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⁠The Monarch and The TGIL: Bringing a World of Tactile Graphics to Students’ Fingertips

A student feels a tactile graphic on the Monarch's tactile display with two hands as an APH employee stands beside them.

A student who is blind or low vision sees about a dozen tactile graphics in a school year, while their sighted peers have access to a dozen graphics in a single class period. APH’s Monarch, along with its ability to connect to the Tactile Graphic Image Library (TGIL), closes this gap and presents a whole new path to tactile understanding that was previously unavailable to students with visual impairments.

The TGIL and Monarch

Teachers, students, and transcribers can register for a free TGIL account online. The TGIL is a repository of 2,385 tactile graphics templates that can be used as a starting point for making graphics or downloaded as-is and embossed for the classroom. The files can also be viewed on the Monarch, APH’s 10-line by 32-cell refreshable braille display, without having to log-in to a TGIL account. This instant access to graphics saves a TVI a large portion of production time and allows students to view a plethora of images.

Exploring the TGIL on the Monarch

To open the TGIL, make sure the Monarch is connected to the Internet and choose the Tactile Viewer app from the main menu. The Monarch will display an alphabetical list of TGIL category options, such as Art, Science, Social Studies, and Mathematics. Students can select any category to browse its many graphics or search for more by keyword. Graphics can also be downloaded from the TGIL before a lesson.

Each graphic opens in overview mode, a view that gets the entire graphic to fit within the screen space available to the Monarch. Normally, tactile graphics are understood through a process of relating the part to the whole. Overview mode facilitates this style of learning by making the whole graphic smaller and easier for students to feel and relate each part to the whole. From there, students can zoom in one level to braille mode, which puts the graphic at its original size. This is also the size where the braille is readable. To enter braille mode, students can press the zoom in button, which is found up and to the right from the braille keyboard and has a plus sign on it. The zoom in button will zoom in on the middle of the graphic. Alternatively, students can utilize the point-and-click method, where they use one hand to point at a position on the graphic and their other hand to double tap the multipurpose button, which is the round button found between dots 1 and 4 on the braille keyboard. This will zoom in on that location. Once they are zoomed in, students can move around the graphic with the directional buttons on either side of the display.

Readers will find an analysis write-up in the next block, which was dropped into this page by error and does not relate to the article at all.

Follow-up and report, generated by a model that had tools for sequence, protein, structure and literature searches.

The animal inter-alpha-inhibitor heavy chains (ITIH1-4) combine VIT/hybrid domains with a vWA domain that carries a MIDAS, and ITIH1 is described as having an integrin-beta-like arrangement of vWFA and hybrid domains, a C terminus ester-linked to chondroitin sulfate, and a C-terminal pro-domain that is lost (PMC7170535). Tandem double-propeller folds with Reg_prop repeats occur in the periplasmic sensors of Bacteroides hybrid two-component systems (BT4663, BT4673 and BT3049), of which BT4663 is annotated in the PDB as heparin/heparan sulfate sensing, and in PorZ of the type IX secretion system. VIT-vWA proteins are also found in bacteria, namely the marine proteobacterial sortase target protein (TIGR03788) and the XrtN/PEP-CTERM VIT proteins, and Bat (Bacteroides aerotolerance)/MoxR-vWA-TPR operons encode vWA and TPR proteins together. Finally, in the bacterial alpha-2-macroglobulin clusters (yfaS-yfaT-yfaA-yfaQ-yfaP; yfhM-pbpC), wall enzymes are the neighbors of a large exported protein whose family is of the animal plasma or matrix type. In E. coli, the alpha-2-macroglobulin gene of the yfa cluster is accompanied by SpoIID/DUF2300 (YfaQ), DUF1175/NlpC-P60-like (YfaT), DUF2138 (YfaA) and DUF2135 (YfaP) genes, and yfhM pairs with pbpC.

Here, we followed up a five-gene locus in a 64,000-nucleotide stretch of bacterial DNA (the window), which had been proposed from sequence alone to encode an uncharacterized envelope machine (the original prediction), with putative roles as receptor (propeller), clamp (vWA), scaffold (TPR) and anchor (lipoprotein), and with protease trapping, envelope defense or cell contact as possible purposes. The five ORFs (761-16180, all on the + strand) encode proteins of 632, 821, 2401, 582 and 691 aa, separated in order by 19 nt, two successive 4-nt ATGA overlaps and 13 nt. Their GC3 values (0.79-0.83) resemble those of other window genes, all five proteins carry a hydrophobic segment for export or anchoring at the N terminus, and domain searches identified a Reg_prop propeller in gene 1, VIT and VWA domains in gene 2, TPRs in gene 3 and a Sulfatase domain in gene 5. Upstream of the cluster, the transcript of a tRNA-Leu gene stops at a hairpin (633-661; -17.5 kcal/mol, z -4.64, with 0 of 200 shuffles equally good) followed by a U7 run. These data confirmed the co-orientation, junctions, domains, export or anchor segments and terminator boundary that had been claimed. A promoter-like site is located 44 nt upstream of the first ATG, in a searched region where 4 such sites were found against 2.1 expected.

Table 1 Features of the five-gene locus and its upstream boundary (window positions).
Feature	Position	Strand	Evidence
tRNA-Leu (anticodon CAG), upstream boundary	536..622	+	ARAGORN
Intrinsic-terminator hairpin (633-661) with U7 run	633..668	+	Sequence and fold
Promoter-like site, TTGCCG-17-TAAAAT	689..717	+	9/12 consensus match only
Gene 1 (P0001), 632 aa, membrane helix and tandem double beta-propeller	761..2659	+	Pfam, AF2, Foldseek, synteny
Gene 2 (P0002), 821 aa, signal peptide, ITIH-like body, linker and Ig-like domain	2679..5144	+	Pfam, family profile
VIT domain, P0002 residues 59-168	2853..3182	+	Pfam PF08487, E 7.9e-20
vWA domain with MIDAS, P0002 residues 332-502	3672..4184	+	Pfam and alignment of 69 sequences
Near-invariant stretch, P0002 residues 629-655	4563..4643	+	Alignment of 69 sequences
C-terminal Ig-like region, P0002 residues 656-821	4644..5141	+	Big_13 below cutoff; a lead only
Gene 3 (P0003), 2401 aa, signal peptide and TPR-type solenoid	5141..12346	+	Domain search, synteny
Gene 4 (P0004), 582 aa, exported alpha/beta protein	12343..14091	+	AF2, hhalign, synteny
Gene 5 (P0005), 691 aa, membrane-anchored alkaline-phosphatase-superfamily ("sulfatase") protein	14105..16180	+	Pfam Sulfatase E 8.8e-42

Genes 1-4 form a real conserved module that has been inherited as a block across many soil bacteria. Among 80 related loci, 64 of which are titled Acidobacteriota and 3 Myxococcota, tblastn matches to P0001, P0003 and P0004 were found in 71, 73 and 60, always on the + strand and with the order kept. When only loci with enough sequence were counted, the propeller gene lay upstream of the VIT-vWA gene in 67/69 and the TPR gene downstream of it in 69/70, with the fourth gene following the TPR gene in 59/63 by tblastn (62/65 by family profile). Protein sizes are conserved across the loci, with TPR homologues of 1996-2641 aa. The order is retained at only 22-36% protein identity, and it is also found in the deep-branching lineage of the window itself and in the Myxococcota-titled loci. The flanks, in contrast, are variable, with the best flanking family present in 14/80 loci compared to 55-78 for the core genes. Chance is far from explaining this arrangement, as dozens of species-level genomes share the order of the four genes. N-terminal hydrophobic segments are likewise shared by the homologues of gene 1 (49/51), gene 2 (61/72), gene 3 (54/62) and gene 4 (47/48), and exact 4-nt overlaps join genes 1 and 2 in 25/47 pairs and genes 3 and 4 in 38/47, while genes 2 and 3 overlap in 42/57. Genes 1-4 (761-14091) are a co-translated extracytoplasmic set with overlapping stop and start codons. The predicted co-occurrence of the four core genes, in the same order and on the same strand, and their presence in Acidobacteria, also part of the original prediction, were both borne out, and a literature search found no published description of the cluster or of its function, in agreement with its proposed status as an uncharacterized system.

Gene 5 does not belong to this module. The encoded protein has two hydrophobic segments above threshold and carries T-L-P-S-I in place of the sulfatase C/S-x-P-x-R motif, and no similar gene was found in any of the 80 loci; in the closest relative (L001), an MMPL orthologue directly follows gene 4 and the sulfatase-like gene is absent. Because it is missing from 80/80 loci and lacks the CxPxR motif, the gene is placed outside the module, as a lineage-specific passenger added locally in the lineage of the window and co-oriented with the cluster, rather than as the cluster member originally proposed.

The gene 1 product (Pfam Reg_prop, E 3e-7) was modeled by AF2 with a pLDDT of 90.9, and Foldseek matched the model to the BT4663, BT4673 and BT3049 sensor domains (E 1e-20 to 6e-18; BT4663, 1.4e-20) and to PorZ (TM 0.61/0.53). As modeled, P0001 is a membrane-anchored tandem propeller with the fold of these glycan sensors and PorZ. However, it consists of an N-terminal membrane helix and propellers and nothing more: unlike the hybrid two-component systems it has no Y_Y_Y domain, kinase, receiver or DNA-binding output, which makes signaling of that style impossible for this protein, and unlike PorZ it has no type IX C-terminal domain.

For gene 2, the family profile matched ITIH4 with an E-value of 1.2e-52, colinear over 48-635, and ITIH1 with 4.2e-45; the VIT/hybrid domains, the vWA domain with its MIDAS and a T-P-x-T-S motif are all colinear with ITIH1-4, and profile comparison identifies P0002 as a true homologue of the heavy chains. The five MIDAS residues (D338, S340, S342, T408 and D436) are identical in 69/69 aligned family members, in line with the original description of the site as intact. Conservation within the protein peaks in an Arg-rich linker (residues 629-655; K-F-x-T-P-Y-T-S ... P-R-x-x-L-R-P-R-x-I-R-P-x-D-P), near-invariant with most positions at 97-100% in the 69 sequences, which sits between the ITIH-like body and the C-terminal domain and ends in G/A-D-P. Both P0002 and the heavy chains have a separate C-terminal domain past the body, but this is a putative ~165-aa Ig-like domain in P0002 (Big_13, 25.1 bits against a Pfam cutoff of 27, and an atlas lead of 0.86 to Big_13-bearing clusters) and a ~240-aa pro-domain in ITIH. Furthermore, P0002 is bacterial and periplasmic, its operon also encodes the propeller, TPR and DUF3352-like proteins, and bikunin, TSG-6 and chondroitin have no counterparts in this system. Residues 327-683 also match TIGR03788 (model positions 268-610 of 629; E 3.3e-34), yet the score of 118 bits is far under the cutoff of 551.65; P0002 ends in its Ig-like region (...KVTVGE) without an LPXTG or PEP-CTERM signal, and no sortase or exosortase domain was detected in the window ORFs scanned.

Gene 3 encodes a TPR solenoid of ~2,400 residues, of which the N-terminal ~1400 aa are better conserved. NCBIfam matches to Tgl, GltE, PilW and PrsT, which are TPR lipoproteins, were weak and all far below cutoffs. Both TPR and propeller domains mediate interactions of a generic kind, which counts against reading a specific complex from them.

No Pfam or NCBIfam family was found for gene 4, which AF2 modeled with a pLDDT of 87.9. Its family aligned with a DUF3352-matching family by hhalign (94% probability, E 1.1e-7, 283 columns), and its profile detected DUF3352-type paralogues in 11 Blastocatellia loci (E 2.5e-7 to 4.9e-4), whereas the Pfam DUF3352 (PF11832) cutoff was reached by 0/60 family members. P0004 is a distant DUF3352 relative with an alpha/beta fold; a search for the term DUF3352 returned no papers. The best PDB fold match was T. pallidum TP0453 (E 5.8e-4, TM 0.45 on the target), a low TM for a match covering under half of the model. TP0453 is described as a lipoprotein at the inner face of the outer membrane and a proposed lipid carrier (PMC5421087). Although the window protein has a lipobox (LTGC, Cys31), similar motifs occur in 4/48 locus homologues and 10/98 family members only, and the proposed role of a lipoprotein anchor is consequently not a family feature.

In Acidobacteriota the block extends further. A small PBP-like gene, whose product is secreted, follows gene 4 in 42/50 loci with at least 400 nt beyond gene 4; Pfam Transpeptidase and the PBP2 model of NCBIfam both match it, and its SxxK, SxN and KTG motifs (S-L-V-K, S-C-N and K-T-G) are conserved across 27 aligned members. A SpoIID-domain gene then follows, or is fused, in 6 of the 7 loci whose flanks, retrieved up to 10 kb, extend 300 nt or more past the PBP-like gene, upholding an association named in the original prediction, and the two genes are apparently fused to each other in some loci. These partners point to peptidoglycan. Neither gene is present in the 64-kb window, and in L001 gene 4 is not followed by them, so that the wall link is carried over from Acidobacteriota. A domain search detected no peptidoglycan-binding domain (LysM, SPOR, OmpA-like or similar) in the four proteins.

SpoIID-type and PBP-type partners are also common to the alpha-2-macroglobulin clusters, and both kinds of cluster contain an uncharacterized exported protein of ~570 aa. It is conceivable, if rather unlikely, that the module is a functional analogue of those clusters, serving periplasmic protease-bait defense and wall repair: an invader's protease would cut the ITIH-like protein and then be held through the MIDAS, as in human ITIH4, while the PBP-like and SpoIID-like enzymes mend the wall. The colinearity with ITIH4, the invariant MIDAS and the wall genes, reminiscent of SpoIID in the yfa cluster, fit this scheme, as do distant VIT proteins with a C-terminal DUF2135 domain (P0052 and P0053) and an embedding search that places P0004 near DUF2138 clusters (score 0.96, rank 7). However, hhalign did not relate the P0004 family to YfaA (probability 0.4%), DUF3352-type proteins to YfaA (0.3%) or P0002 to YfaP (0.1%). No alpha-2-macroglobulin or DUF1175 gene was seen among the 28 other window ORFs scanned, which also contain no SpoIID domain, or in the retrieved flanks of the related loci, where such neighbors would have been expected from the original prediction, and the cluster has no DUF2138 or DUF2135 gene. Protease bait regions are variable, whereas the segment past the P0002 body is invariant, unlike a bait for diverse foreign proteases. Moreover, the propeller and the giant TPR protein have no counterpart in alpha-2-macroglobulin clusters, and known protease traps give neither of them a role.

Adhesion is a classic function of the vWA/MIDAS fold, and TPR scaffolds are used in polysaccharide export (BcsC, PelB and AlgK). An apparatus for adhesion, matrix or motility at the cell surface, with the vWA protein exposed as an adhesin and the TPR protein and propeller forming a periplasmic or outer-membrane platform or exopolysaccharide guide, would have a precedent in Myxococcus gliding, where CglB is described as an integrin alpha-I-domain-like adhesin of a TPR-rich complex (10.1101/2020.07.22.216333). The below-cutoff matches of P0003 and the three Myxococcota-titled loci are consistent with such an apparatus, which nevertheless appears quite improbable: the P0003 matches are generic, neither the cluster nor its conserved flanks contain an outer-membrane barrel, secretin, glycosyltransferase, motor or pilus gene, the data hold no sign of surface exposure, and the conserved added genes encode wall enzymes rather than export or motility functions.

Chris, a computer science teacher at the Texas School for the Blind and Visually Impaired began producing tactile graphics on his Monarch to enable students the ability to see a draft of a .stl file for 3D printing.

The TGIL also allows students to support self-discovery and self-direction in a way that was never possible. Students can finally find graphics that interest them, rather than waiting for a graphic to be created for them and then embossed on paper. Krystal Guillory, an itinerant Teacher of the Visually Impaired (TVI) from Ruston, Louisiana, said her students loved the historical and animal graphics. One of Krystal’s students was reluctant to develop her tactile graphic literacy skills until she used the TGIL on the Monarch. “As she’s picking the graphics she wants to explore, I’m able to teach the things she didn’t want to even attempt on a paper copy,” said Krystal. “Being able to teach those skills using the Monarch has been phenomenal.”

Learn more about the Monarch and TGIL.

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